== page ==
A London tech start-up has used real-time business tracking data to redraw the UK’s digital map in a new report co-authored by the National Institute for Economic and Social Research.
Instead of using the 65 year-old Government classification system, known as SIC codes, this report uses new data provided by Growth Intelligence, a fast-growing London-based sales software company, to measure the business environment by tracking digital footprints left by companies online.
The detailed report, commissioned by Google, also reveals just how far traditional sectors, such as manufacturing, architecture and engineering, have embraced digital technology.
The report shows:
âï¿½ï¿½ there are at least 270,000 companies that form the digital economy – far more than any Government estimate
âï¿½ï¿½ the revenue reported by digital companies is growing 25 per cent faster than that reported by non-digital companies
âï¿½ï¿½ on average digital employers hire three more people – 15 per cent more – than those employers who are not digital
âï¿½ï¿½ how companies in traditional sectors, from architecture to manufacturing, are using and relying on technology to run their businesses: digital technology is no longer the sole preserve of start-ups and software companies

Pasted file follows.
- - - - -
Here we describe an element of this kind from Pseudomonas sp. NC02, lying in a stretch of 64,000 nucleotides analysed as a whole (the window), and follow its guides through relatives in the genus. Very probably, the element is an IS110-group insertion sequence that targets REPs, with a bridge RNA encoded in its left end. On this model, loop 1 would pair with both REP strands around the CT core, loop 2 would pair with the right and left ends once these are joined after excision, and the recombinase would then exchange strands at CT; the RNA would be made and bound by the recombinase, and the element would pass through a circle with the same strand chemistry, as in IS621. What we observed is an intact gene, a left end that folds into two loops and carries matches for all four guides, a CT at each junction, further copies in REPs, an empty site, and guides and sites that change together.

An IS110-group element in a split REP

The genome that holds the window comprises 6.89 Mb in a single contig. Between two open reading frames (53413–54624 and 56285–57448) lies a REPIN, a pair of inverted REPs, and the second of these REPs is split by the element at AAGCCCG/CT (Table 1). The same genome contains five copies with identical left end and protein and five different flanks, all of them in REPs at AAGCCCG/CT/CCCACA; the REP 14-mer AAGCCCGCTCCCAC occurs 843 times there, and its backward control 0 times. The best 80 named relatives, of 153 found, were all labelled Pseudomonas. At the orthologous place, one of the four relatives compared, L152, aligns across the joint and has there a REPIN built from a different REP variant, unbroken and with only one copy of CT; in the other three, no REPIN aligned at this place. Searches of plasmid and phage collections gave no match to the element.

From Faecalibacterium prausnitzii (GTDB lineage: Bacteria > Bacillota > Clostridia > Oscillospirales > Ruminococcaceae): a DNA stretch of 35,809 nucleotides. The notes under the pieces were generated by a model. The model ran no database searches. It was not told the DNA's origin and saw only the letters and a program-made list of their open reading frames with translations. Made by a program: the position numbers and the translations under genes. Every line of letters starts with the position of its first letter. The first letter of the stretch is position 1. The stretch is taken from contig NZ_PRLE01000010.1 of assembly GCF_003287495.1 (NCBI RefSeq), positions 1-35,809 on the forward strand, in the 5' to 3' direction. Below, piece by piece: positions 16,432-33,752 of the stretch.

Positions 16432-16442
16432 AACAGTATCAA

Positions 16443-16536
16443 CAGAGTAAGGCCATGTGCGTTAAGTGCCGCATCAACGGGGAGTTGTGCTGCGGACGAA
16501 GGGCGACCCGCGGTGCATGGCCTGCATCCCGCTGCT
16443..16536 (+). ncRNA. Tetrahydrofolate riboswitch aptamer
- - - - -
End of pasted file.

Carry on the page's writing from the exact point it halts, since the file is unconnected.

âï¿½ï¿½ the areas with the highest concentration of digital companies are outside London and spread right across the country, in places like Aberdeen, Middlesbrough and Manchester
Official definitions only use basic sector information. Growth Intelligence classifies companies in terms of products, activities and sectors. This provides a much more detailed view of companies in the UK economy and allows us to spot digital companies working in ‘traditional’ sectors, such as software companies in architecture, publishing and engineering.
Britain’s out-dated business classification system means that hundreds of thousands of these kinds of digital companies are incorrectly identified by Government and financial institutions. With politicians, banks and insurers basing policy decision on SIC codes, it means that thousands of firms could be missing vital support.
Tom Gatten, chief executive of Growth Intelligence, said: “This research demonstrates the need for a new way of understanding the economy, both for Government and for businesses. Rather than relying on outdated codes or static lists, our new technology and internet data reveals new opportunities and insights for growth.”